Decorated by the Enemy?
Military establishments have complex regulations governing the award of decorations. Normally, these involve recommendations of one’s seniors or comrades, usually for outstanding courage and selflessness.
But in a very few instances some countries have apparently awarded decorations on the recommendation of the enemy, or, at least, the voice of the enemy was heard in the decision making process.
Three examples from World War II are of interest.
- Lt-Cdr Gerard Broadmead Roope, R.N. On April 8, 1940, Lt-Cdr Roope (1905-1940), was commanding the destroyer, HMS Glowworm off the Norwegian coast, when he fell in with and engaged the German destroyers Bernd von Arnim (Z-11) and Hans Lüdemann (Z-18). Soon afterwards, the greatly superior German heavy cruiser Admiral Hipper came up. Roope took on the Hipper, making a torpedo attack, which missed, and then, with his ship taking heavy damage, actually rammed the cruiser, before pulling away, all the while maintaining a steady fire. But by then Glowworm was heeling badly, and Roope ordered the crew to abandon ship. She shortly capsized on her starboard side. Of 149 crew members, 118 were lost, including Roope. In 1945 Roope was awarded the Victoria Cross, partially on the recommendation of Captain Hellmuth Heye of the Admiral Hipper, who had sent a letter to the Admiralty through Red Cross channels commending Roope’s gallantry.
- Sergeant Thomas Frank Durrant, Royal Engineers. During the famous British naval raid on St. Nazaire, France, on the night of March 27-28, 1942, Sgt. Durrant (1918-1942) was serving with No. 1 Commando, manning a dual-mounted Lewis gun on HM Motor Launch 306. Proceeding up the Loire River, the boat came under heavy fire from the German destroyer Jaguar, which greatly outclassed her. She was hit repeatedly, and Durrant was wounded several times. Twice the Germans summoned the boat to surrender and were refused. Finally the launch was boarded and those who were still alive were taken prisoner, among them Sgt Durrant, who had been wounded 16 times. He died of his wounds on the 29th. Speaking with the prisoners, Kapitänleutnant F.K Paul, commander of the Jaguar, commended them for their gallant fight, and singled out Durrant for special praise. Acting with Paul’s comment in mind, Durrant’s commanding officer, Lieutenant R. O. C. Swayne, initiated the process that led to the award of the V.C. to Sgt. Durrant. Durrant also has the distinction of being the only British soldier to have won the V.C. while serving with the Royal Navy.
- Flying Officer Lloyd Allan Trigg, R.N.Z.A.F. On August 11, 1943, FO Trigg (1914-1943), was commanding a B-24 Liberator of the R.A.F.’s` 200 Squadron, on patrol off Dakar, in Senegal, West Africa. Spotting a German submarine on the surface, Trigg attacked. The Germans responded with accurate anti-aircraft fire that damaged the Liberator. Trigg nevertheless continued his attack and dropped six depth charges from only 50 feet, damaging the submarine. Rather than attempt to make for safety, Trigg came around for another pass, though his plane was now so damaged the Germans scored repeated hits. The bomber crashed into the sea, killing all eight aboard. The submarine, U-468, sank shortly afterwards, and her surviving crewmen were rescued by British ships the following day. When U-468’s skipper, Klemens Schamong, told the story of how his boat came to be sunk, Trigg was recommended for a V.C., which was awarded in 1944. This is apparently the only V.C. ever awarded solely on the evidence of the enemy.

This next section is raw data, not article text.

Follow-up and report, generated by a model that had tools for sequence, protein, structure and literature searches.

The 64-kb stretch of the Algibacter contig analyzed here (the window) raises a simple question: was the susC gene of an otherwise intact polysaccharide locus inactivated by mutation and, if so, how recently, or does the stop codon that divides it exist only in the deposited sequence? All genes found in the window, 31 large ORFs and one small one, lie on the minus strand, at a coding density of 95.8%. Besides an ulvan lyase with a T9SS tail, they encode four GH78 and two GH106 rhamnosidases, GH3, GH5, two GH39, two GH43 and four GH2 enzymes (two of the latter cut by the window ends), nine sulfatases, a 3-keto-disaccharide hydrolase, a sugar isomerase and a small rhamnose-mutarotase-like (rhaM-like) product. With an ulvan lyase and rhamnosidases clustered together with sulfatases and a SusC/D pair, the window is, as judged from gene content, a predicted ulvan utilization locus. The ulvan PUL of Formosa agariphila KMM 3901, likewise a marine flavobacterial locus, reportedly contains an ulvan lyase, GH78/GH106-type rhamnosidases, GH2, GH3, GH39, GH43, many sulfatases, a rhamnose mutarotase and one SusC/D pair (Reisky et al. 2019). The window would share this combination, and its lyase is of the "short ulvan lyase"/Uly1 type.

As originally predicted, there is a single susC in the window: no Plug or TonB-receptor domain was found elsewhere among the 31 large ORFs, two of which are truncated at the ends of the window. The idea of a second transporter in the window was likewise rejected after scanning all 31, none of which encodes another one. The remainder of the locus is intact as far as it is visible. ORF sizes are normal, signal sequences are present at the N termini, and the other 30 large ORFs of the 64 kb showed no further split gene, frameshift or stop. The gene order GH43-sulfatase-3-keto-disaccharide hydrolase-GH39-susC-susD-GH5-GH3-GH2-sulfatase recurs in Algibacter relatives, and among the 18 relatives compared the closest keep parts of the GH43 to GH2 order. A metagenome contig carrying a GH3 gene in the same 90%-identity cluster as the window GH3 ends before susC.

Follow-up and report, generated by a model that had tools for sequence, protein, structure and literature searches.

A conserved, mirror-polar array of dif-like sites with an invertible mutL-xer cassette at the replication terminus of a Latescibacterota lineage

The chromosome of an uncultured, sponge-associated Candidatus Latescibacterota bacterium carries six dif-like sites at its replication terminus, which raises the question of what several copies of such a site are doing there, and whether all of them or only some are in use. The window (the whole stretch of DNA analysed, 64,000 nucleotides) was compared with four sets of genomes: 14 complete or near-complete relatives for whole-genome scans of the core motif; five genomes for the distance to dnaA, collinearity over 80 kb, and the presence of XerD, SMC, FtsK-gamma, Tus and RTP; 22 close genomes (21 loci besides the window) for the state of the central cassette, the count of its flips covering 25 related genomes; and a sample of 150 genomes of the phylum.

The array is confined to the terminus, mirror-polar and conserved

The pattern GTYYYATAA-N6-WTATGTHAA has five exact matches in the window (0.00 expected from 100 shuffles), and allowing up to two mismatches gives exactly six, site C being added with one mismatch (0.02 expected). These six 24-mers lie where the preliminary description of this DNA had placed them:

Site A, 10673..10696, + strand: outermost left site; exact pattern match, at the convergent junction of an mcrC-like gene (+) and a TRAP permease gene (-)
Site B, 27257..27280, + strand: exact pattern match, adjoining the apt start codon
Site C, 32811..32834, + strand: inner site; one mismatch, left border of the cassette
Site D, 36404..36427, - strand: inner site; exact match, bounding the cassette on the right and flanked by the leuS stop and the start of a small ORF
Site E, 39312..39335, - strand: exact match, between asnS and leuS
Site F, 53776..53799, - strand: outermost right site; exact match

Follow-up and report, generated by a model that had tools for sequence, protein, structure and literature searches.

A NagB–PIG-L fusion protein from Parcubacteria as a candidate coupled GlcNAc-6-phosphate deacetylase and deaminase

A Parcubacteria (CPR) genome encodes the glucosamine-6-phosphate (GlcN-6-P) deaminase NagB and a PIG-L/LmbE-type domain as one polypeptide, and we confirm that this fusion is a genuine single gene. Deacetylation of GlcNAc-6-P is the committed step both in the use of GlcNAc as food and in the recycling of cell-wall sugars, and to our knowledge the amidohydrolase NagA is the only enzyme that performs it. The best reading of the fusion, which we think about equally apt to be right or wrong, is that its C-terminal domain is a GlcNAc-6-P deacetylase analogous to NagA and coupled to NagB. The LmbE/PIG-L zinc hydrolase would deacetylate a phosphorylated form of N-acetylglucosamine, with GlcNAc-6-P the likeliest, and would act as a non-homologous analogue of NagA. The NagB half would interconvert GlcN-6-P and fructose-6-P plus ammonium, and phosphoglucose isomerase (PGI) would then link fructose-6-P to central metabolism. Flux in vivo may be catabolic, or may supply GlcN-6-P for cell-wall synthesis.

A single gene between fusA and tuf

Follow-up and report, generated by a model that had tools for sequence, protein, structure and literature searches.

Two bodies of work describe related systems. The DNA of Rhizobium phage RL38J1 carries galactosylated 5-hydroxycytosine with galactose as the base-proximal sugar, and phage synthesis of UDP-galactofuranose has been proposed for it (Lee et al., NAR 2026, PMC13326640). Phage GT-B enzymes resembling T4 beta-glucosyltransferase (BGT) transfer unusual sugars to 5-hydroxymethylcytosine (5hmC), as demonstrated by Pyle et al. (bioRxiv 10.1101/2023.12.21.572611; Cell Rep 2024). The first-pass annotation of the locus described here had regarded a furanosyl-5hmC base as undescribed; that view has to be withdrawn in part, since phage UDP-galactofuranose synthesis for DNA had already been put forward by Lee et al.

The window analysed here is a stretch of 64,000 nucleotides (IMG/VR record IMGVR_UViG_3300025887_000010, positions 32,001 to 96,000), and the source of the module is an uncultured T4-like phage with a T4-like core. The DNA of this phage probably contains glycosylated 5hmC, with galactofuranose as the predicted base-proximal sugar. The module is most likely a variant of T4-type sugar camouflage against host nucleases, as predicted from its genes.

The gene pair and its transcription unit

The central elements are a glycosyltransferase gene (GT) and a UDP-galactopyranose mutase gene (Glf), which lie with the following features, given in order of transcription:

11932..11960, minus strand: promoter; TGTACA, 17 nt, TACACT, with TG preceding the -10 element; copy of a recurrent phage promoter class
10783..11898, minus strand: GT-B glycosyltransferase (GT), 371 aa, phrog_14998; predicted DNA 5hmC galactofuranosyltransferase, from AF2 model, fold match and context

These examples may not exhaust the occasions on which a recommendation by the enemy led to someone being awarded a decoration.* There is one interesting aspect to these three cases, and that is that they all occurred in World War II, and in each instance involved a German naval officer
With thanks to Albert Linsenmeyer
Readers are encouraged to send details of any similar cases they might run across to anofi at nymas.org.
“O, That’s Different”
Even before Britain and the other Commonwealth nations had declared war on Germany on September 3, 1939, the Australian light cruiser Perth had taken up station in the Caribbean. Thus, by late October, she had already steamed thousands of miles in the Caribbean and the Atlantic, escorting convoys, intercepting enemy merchant ships, and keeping an eye out for German raiders. So when she put in at Halifax, in Nova Scotia, on October 25th, her crew had raised a mighty thirst.
As they set foot in ashore, however, many of the men were surprised to discover that Nova Scotia was “dry.” But some of her crew knew that, as had been the case with the American experiment with prohibition, there was plenty of booze to be had, if one knew where to look for it. And soon Perth’s crewmen were happily ensconced in several of the town’s speakeasies.
Now just as had been the case in the U.S., illegal drinking establishments were subject to police attention. And so one group of Perth’s crew found themselves in the midst of a raid by the Royal Canadian Mounted Police. Not to worry though, for no sooner did the Mounties realize whom they were arresting than they decided that supporting the war effort was more important than enforcing prohibition, and promptly joined their Commonwealth brethren in reducing the local liquor supply.
: Those interested in the life and adventures of H.M.A.S. Perth
, are advised to have a look at the excellent, The Australian Cruiser Perth: 1939-1942
, by Ian Pfenningweth (Kenthurst, N.S.W.: Rosenberg Publishing/Portland, Ore: ISBS, 2007)